2. Be Social: ¬†If you’ll be living in a dorm or off-campus apartment this fall, chances are you need furniture or appliances to outfit your new home. Chances are even better, a friend or family member might already have some of those things hiding unused in their basement. ¬†If you are looking to buy a specific item, like a mini-fridge or microwave, try e-mailing friends or posting a note on Facebook. ¬†Something as simple as changing your status to “Looking to buy a working, used mini-fridge for my dorm room. Inbox me if you have one you’d like to sell,” could mean the difference between finding a fridge for $10-20 or paying $100 for a brand new one.

3. Get Thrifty: Make Macklemore proud – go thrift-shopping! (I wear your granddad’s clothes, I look incredible . . .) Places like Good Will or the Salvation Army have all kinds of different great finds, from clothes, to furniture to home knick-knacks. Yard sales can also be a great source for cheap back-to-school finds. ¬†Instead of buying new, save a few bucks and buy second-hand.

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4. Buy in Bulk: If you’re going to need a lot of it, you might as well buy it all at once. ¬†Campus living means buying necessities like paper towels, shampoo, and ramen noodles (brain food!). ¬†Often times items like these can be bought in cheaper in bulk; a campus convenience store may charge you $3 for 2 rolls of toilet paper, when you could get 12 rolls for that same price at a bargain store like BJs or Sams Club. Don’t get caught in a sticky situation where you have to pay too much for an item just because you ran out. ¬†Stock up on the things you use the most at the beginning of the year and you will save money in the long run.

I hope these tips help back-to-school shopper keep a few extra bucks in their pockets. ¬†Best of luck to all the student’s out there!

-Kelsey at Casco FCU

FREE Fitness Ideas for Workout Wednesday

I’m an ex-athlete, so I’m all about staying in shape and being active. ¬†One thing I am not, however, is a millionaire (at least not yet anyways . . . ) and sometimes finding ways to exercise can be expensive $$$. $5 for adult lap swim, $20 a month for a gym membership that you only use once or twice, $175 for crossfit classes – it can all really add up!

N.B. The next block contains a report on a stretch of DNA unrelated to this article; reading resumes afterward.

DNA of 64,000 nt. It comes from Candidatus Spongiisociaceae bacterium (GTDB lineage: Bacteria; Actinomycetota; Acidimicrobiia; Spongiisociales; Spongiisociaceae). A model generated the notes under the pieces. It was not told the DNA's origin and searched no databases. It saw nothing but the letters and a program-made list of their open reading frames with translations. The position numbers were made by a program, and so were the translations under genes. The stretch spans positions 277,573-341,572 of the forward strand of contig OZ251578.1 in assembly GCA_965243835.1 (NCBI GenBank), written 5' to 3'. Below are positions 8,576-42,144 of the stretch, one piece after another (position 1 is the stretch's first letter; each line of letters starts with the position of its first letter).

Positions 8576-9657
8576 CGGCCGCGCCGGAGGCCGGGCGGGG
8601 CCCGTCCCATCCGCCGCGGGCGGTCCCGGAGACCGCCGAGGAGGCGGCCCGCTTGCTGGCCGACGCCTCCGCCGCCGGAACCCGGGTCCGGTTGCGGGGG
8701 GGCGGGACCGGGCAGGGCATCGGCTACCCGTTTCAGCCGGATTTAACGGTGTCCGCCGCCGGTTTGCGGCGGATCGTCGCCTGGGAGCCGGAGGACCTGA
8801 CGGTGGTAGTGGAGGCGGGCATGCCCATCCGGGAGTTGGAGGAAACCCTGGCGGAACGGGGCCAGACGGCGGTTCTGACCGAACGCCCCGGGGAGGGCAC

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Sometimes it feels like the only thing fitness fads keep skinny is your wallet but there are less expensive options out there.  Here are my top 5 Free (or really, really cheap) Ways to Workout:

1. Go For a Walk or Run –¬†It may seem obvious, but putting your sneakers on and getting outside for a bit it a super easy, SUPER CHEAP way to get some exercise. ¬†It’s not the most glamorous or trendy option, but it does the job and the view is beautiful! Plus, studies show that people who run at least 10 miles a week have less belly fat than those who don’t. ¬†Try using apps like MapMyRun or Nike+ to track your mileage.

2.¬†There’s an App for That! –¬†Although we all know too much screen time is bad for us, your smart phone can actually help you stay fit. ¬†Visit your app store to look around for free fitness apps. ¬†I personally use Nike Training Club, an app that allows me to pick from dozens of different workouts 15, 30, or 45 minutes long that are really fun. ¬†They have options for everyone from beginners to advanced athletes as well as videos to show you the correct way to do all the exercises. ¬†It even tracks how many minutes you work out and gives you rewards at certain intervals (like recipes for smoothies! YUM). ¬†I have also used a Fitness Interval Timer and a diet tracker called LoseIt!, both of which I found in the fitness section of my app store.